A significant number of immigrants, including many newcomers to Toronto, say they are ill because they can’t speak English well enough to tell anyone, a doctor who advocates for immigrant health reveals in the current Canadian Journal of Public Health.
“We found clear linkages” between health and language, says Dr. Kevin Pottie, a researcher at the Institute of Population Health and professor at the University of Ottawa. “It’s another level of evidence.”
“People don’t really want to talk about this. People are hiding it or not documenting the poor outcomes. There is a certain shame in the medical profession that we don’t do a better job.”
Pottie and four other researchers talked to 11,802 immigrants in search of data for what he calls “one of the most important issues for health care for immigrants and refugees right now.”
Unlike in the United States, there are only a few case studies of dangerous medical lapses because of lost translations, some stretching back 20 years. In the U.S., multi-million dollar lawsuits have forced 13 states to require trained professional translators in hospitals and clinics. In Canada translators are mandated only in courts.
“These are marginalized people who can just barely survive, let alone create the kind of atmosphere where someone would write about them,” says Pottie, a specialist in immigrant and refugee health.
Just over a year ago, a Vietnamese mother of three was dying of cancer but her medical team at North York General Hospital couldn’t tell her.
“She had no idea what was happening to her,” said Frank Wagner, bioethicist for the Toronto Central Community Care Access Centre. “It was a basic violation of a human right. She has the right to get her affairs in order, to die with dignity, to agree to palliative care if she wants it.” His organization swallowed the costs of a translator for three visits.
“We’re waiting for a volcano to explode,” says Stella Rahman, co-ordinator of Cultural Interpretation Services at the Centre for Addiction and Mental Health. “And it will.”
The 2006 census found 44 per cent of people in the GTA had a first language other than English. While big teaching hospitals, such as St. Michael’s and the CAMH, use translators, smaller hospitals and community health centres tend to get by on bilingual staff or relatives.
“Doctors spend hundreds of thousands of dollars on their education and then ask a child to deliver a diagnosis,” says Axelle Janczur, executive director of Access Alliance Multicultural Health and Community Services, which supplies interpreters for health services. “We think it’s okay for the janitor or the kitchen staff to do the translating.”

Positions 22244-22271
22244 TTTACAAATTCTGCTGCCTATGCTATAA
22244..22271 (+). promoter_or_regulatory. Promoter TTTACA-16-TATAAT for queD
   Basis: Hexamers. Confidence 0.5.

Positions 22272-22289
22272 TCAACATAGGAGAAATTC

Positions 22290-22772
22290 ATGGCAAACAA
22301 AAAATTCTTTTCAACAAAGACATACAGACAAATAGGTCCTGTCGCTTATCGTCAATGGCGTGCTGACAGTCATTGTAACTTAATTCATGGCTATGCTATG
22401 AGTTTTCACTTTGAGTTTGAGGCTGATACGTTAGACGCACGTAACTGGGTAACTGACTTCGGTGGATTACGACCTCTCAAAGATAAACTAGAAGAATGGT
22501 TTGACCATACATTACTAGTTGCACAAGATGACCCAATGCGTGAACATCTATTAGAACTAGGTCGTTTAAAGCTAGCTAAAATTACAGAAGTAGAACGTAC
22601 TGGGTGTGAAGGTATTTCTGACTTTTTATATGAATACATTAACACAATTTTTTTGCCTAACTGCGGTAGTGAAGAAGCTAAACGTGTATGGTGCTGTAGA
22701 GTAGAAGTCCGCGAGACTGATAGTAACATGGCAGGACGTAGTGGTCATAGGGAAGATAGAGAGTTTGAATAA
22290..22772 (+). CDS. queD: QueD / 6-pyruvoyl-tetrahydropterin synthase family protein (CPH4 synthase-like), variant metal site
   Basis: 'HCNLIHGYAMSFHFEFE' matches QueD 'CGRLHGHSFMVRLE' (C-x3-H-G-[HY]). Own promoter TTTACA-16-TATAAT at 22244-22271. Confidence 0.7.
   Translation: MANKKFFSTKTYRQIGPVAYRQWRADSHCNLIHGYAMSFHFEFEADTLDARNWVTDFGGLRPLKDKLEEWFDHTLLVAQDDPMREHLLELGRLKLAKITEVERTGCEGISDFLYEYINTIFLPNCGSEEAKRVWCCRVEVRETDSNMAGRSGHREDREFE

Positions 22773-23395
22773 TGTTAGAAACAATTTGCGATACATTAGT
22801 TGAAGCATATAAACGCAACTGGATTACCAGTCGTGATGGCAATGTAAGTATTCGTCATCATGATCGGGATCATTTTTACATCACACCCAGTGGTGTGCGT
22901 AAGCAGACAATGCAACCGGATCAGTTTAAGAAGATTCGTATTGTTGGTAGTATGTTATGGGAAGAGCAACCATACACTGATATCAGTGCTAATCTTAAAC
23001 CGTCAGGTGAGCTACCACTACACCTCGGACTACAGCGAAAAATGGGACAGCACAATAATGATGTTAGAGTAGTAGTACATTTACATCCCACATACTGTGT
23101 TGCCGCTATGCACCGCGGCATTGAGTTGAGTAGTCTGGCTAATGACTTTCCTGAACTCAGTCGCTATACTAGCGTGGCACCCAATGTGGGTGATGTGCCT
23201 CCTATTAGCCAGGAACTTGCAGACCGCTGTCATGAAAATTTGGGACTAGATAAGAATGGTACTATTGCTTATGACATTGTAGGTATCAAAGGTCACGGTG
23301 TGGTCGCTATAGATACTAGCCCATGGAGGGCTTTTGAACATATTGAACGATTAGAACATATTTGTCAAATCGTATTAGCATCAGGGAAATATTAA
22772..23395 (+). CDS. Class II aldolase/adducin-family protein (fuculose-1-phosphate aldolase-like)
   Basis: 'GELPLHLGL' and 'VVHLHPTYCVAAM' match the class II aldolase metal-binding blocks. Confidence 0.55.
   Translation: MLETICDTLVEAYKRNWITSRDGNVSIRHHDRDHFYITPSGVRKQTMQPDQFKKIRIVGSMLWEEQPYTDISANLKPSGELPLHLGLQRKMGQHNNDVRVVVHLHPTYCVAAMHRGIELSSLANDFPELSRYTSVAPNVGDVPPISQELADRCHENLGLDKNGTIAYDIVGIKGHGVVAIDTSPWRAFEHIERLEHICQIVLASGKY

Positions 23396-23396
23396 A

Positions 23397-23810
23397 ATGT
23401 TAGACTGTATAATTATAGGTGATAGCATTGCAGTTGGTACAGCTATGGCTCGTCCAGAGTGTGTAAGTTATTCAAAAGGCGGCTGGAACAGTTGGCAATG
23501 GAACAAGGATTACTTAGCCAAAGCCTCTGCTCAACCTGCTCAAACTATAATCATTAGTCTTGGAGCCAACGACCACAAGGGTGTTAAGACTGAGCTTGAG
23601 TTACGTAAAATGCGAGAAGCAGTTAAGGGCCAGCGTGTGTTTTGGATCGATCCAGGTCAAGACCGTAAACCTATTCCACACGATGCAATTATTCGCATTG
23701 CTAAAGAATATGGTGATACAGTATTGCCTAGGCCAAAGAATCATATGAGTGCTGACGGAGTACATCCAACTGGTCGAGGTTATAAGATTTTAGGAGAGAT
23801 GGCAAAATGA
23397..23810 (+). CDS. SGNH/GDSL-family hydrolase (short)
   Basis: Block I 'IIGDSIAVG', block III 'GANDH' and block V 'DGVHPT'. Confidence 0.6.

Dr. Jose Silveira is director of the Portuguese Mental Health and Addiction Services of the University Health Network, part of a unique program that uses bilingual teams in five languages to treat people who otherwise would, in Janczur’s words, “have to suck it up.”
“It is easier for me to order a $1,400 CT scan than a translator . . . even though that information will be more valuable than a CT scan,” Silveira says. “It’s up to me to decide on enormously expensive medical tests. It’s up to the hospital administration to decide on interpreters.” The damage caused by the language wall is enormous, he says.
“Our patients are some of the sickest in psychiatry. Many of them don’t have family doctors. By the time we see them, they are much further along and their treatment is prolonged.”
University of Toronto professor Kathi Wilson also found fear and confusion keep immigrants away from doctors. Findings from her focus groups with 53 immigrants in the Dixie-Bloor Neighbourhood Centre area in Mississauga, published last March, discovered language was a main reason why they avoided getting medical care.
“It’s a daily concern on their minds—asking for directions, describing what was wrong, whether doctors would be able to understand them or that they wouldn’t be able to understand what the doctor was telling them to do,” she says.
Despite Wilson and Pottie’s studies, Canada still doesn’t have the kind of research already done in Australia and New Zealand to back up the theory that translators mean faster, better care and fewer dangerous or deadly mistakes.
“There is lots of literature (showing) that the cost is infinitesimal compared to doctors’ or nurses’ time. Overall, costs go down when professional interpretation services are used,” says Elizabeth Abraham, president of the board of the Health Interpretation Network at UHN.
She argues the lack of translators violates the fundamental right of universal access to health care.
There has been progress. The Health Interpretation Network brought together community health and translator groups for the first time to come up with the National Standard Guide for Community Interpreting Services, which spells out requirements for interpreters, clients and institutions.
Next year, all city hospitals will have to tell the Toronto Central local health information network how they plan to ensure patients get “culturally competent, high-quality interpretation.”
The impetus was a report in July by Dr. Bob Gardner, director of policy at the Wellesley Institute, that pointed to language as one of three big blocks to equal health care.